Tonight, New England Patriots quarterback Tom Brady surpassed the 50,000 passing yards mark, making him just the sixth QB in NFL history to do so, and the 5th to do it all with one team.
On top of three Superbowl wins and five appearances, Brady has put up phenomenal statistics over the past decade, despite having limited weapons throughout a good portion of his career, culminating tonight with passing this rarely reached milestone.
I thought we could take this opportunity to look back at some of the special moments along the way to 50,000.
“And with the 199th pick of the 2000 NFL Draft, the Patriots select Thomas Brady, quarterback from Michigan” a pick Brady would later describe to Kraft as “the best decision of the Robert Kraft’s life”, a statement he would prove to be accurate later on.
There may never have been such an inauspicious start to a legendary career however.
Brady started 7th on the depth chart at Michigan, and fought to back up future NFL QB Brian Griese while there. After Griese’s graduation, Brady battled with Drew Henson for the starting job. He eventually won it, and won 20 of his 25 games at Michigan.
After an unimpressive combine, analysts weren’t sure if Brady would even be picked, in a draft thought to be fairly weak at the quarterback position. Six quarterbacks went ahead of him, and just when Tom was thinking about what kind of money he might make selling insurance, the Patriots called him and took him with the 199th overall pick.
November 23, 2000 was the day that marked the beginning of the legendary career of Tom Brady. While it’s a day most Pats fans might not remember, or may have even turned their television off by then and didn’t see why they should, it’s the day Brady threw his first passes in the league.
Down 34-9, with just 4 minutes to play, the team looked to get backup rookie Brady a few throws, and put him in the game. He opened up 0-2, targeting JR Redmond and Terry Glenn on successive throws, but not to be discouraged, went right back to Redmond on 3rd and 5, connecting for 4 yards.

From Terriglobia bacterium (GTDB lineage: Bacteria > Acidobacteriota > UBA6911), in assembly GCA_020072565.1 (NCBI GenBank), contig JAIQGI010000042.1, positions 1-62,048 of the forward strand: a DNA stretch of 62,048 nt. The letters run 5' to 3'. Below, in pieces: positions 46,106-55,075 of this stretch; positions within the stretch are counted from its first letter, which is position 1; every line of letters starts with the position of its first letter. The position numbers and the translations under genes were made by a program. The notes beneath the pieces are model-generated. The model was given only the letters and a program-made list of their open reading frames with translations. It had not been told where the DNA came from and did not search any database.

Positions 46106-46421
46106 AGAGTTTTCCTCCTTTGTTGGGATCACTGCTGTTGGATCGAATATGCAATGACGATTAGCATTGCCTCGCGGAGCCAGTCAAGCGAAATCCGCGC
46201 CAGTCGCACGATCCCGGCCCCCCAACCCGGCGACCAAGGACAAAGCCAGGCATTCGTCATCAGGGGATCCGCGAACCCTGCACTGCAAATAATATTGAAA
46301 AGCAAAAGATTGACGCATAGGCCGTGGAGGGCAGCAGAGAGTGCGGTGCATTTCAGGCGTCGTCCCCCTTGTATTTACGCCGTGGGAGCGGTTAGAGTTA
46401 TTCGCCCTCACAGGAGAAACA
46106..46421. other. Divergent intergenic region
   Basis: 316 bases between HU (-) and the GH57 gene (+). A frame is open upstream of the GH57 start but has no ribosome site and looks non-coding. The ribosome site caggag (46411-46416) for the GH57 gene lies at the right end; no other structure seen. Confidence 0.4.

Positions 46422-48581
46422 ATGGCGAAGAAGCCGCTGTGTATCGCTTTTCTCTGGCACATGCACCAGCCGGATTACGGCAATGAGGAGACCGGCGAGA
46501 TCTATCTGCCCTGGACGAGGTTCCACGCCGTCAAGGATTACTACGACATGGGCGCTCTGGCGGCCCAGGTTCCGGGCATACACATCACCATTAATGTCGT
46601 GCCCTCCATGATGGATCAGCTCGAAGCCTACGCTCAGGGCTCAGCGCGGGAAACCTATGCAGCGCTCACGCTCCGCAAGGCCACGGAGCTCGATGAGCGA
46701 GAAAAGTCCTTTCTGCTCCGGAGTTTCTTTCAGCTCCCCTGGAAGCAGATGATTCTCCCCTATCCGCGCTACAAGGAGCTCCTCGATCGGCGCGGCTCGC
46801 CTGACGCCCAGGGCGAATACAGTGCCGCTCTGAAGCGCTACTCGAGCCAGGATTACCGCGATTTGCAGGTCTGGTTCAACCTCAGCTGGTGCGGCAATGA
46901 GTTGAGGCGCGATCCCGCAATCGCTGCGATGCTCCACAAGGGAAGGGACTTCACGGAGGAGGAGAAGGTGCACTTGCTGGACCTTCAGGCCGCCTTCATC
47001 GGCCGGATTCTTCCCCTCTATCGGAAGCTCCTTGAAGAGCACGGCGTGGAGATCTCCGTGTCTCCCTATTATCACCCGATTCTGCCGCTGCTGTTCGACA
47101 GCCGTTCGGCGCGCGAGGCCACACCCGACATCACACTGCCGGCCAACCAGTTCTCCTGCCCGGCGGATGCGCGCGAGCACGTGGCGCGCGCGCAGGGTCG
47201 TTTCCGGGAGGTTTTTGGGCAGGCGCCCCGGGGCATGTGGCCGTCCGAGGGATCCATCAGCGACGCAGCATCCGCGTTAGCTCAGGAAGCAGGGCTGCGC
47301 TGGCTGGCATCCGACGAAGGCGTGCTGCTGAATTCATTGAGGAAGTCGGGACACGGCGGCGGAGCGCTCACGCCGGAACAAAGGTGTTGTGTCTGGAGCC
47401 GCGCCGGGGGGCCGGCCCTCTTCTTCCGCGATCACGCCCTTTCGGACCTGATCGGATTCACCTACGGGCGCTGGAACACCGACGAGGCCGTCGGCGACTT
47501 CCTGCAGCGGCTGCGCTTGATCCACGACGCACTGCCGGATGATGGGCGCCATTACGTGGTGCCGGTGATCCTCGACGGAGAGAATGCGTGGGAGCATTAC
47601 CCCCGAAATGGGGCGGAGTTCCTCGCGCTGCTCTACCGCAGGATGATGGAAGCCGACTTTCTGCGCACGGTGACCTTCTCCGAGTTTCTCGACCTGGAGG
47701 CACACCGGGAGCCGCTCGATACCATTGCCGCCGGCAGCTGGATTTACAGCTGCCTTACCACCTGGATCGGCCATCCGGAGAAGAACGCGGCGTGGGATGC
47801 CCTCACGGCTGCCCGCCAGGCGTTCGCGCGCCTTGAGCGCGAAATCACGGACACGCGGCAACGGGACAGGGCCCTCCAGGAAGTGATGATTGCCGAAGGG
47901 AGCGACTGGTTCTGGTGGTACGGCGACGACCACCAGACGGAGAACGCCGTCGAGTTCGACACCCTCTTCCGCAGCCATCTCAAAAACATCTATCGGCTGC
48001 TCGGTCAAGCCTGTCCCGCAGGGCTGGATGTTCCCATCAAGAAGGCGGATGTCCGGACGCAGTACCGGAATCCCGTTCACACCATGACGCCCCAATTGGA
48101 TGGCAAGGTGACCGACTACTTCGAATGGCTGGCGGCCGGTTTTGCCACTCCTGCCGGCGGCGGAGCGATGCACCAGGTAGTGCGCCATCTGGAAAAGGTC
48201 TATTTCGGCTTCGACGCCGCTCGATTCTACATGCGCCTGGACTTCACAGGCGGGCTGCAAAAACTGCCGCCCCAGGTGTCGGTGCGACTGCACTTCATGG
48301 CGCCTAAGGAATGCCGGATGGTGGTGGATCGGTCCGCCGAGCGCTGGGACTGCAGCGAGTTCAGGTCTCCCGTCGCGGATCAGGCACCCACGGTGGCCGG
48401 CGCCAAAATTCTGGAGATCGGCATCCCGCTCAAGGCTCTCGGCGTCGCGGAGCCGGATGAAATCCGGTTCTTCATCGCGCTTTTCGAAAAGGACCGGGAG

A penalty on the offensive line negated that gain, and Brady went back to the air on 3rd and 10, connecting with (Patriots trivia time!!!) tight end Rod Rutledge for 6 yards, bringing up 4th and 4 in what is probably the most important 3 and out in Patriot history. (Looking back on that, it’s a little interesting that these days his favorite targets are often tight ends.)
Brady wouldn’t see the field again until the following season.
(Interesting note: Despite playing the next season with Brady at the helm much of the year, Rutledge would only catch 3 more passes from Brady in his short career. He played the following year in Houston where he started only 5 games and then fell out of the league. He now plays for the Tampa Bay Storm in the AFL)
Passing Yards Count: 6
After throwing just three passes in his rookie season while backing up former number one overall draft pick, Drew Bledsoe, Tom Brady was called upon early in the 2001 season when Jets linebacker Mo Lewis (a name that will forever go down in the Jets-Patriots rivalry) put Bledsoe out of the game with internal bleeding, forcing coach Bill Belichick to call upon the second-year sixth round draft pick out of Michigan to take the reins of an 0-2 Patriots team expected to lean heavily on their talented quarterback, who was now going to be out for a while.